PARIS — Satellite control systems provider Integral Systems’ $34.7 million all-cash purchase of satellite ground terminal builder CVG-Avtec will help diversify Integral beyond its core U.S. Air Force market and complement the company’s existing business line, Integral Chief Executive Paul G. Casner said March 8.
Columbia, Md.-based Integral will be financing the acquisition in part with a three-year, $55 million line of credit recently secured.
CVG-Avtec, whose current management and 100 employees will be transferred into Integral as the new Integral Systems Satcom Solutions, reported about $33 million in revenue in the past 12 months. In a conference call with investors, Casner said the purchase will be immediately accretive to Integral’s per-share earnings in the current fiscal year, which ends Sept. 25.
Integral Chief Financial Officer William M. Bambarger said the purchase nonetheless would hit the company’s second-quarter financial performance with the arrival of “potential new costs to integrate the business” into Integral. He said Integral had not determined the total cost of the transaction beyond the cash payment to CVG-Avtec’s owners.
Chantilly, Va.-based CVG-Avtec’s customers include the U.S. Army, the U.S. Navy, the U.S. Coast Guard and the U.S. Department of Homeland Security — all agencies that Integral had targeted as potential new markets for its satellite control technology.
Casner said CVG-Avtec’s business is growing, and that its high-speed modems and receivers are among the products that Integral purchases from other sources and now will add to its own product portfolio.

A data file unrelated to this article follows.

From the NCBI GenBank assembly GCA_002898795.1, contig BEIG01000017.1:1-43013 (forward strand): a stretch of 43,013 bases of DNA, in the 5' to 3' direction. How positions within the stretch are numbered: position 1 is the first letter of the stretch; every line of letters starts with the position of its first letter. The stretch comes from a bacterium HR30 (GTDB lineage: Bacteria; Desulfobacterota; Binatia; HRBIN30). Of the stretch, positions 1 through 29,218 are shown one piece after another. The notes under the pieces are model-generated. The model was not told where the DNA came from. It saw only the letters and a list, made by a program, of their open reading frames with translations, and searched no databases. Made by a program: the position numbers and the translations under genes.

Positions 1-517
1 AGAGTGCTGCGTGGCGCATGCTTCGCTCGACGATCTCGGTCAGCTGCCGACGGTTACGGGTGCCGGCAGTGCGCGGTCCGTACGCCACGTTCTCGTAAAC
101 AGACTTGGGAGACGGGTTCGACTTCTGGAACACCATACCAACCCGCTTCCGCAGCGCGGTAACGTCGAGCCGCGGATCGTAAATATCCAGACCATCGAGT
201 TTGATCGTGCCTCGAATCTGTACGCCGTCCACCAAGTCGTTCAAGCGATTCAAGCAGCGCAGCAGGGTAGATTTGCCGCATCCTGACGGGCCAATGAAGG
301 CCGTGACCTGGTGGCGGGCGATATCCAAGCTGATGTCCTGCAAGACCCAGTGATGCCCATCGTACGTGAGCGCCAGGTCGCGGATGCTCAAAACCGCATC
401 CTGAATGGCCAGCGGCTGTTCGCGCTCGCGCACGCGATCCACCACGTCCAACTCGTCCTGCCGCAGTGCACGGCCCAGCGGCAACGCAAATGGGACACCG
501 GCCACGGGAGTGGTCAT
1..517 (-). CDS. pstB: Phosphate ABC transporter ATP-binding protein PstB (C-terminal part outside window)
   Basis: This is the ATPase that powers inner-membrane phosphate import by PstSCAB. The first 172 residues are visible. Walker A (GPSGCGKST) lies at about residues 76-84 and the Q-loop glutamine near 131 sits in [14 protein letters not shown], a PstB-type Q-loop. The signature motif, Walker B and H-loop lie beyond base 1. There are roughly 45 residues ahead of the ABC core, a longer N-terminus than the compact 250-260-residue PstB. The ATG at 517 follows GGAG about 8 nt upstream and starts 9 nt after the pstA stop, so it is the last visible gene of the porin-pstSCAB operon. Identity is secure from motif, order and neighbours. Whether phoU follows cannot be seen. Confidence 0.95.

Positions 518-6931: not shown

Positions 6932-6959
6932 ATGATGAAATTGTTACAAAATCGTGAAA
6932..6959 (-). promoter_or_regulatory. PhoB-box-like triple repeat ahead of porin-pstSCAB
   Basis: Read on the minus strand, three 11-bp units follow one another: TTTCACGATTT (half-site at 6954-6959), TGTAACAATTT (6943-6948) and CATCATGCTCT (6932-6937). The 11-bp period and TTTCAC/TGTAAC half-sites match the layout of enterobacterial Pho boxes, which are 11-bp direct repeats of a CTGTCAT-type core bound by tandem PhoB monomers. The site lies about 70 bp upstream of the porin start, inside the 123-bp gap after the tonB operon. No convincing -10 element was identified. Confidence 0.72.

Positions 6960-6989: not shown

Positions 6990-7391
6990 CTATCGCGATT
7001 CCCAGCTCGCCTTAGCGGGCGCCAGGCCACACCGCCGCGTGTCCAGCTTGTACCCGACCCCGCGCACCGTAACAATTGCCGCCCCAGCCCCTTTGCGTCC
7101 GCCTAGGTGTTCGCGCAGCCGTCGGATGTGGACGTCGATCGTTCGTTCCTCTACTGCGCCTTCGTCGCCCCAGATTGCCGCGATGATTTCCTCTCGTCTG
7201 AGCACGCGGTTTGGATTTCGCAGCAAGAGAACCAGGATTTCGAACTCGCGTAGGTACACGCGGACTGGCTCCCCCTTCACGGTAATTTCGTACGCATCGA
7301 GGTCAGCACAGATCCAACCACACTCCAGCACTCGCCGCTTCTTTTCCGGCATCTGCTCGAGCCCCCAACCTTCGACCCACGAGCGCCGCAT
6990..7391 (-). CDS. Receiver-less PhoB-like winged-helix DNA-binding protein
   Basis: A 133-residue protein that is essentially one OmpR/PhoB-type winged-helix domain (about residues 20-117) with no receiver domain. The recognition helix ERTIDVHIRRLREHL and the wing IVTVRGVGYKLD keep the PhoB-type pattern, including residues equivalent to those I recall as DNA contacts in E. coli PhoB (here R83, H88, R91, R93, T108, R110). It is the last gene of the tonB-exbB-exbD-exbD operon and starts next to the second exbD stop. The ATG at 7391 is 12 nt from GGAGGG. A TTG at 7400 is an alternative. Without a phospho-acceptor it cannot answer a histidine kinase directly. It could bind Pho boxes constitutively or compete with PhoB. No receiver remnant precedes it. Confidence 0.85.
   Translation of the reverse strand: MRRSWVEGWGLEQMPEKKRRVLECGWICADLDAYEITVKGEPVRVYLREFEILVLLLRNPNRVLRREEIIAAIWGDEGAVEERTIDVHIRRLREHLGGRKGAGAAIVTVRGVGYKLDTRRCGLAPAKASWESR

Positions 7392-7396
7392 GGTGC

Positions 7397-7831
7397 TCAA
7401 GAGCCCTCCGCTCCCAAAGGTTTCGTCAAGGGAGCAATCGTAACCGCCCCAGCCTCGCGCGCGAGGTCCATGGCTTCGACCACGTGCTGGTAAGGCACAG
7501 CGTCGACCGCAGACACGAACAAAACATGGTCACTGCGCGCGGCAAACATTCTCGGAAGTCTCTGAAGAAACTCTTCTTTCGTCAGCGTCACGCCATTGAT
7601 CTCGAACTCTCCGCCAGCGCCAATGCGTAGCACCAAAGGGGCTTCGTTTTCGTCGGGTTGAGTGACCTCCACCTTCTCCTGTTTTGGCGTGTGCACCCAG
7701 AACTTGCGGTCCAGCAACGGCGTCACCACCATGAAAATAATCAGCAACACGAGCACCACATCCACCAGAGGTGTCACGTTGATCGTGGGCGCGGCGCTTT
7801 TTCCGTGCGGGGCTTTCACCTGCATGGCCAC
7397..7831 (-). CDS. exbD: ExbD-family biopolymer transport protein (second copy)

CVG-Avtec’s satellite terminals are another product line that will be new for Integral, as is the company’s expertise in providing secure links between ground stations and unmanned aerial vehicles. Casner said the CVG-Avtec terminals provide a quick recovery of communications links lost during flight maneuvers or when a moving vehicle is not in line-of-sight contact with the communications satellite.
The acquisition “should give us access to markets we have been eyeing for some time now,” Casner said. “It broadens our customer base and our product base.”
Integral Systems is coming off what company management referred to as a disappointing year. Revenue, at $160 million, was unchanged from 2008. Integral recently announced a reorganization to better able the company’s different product lines to profit from one another.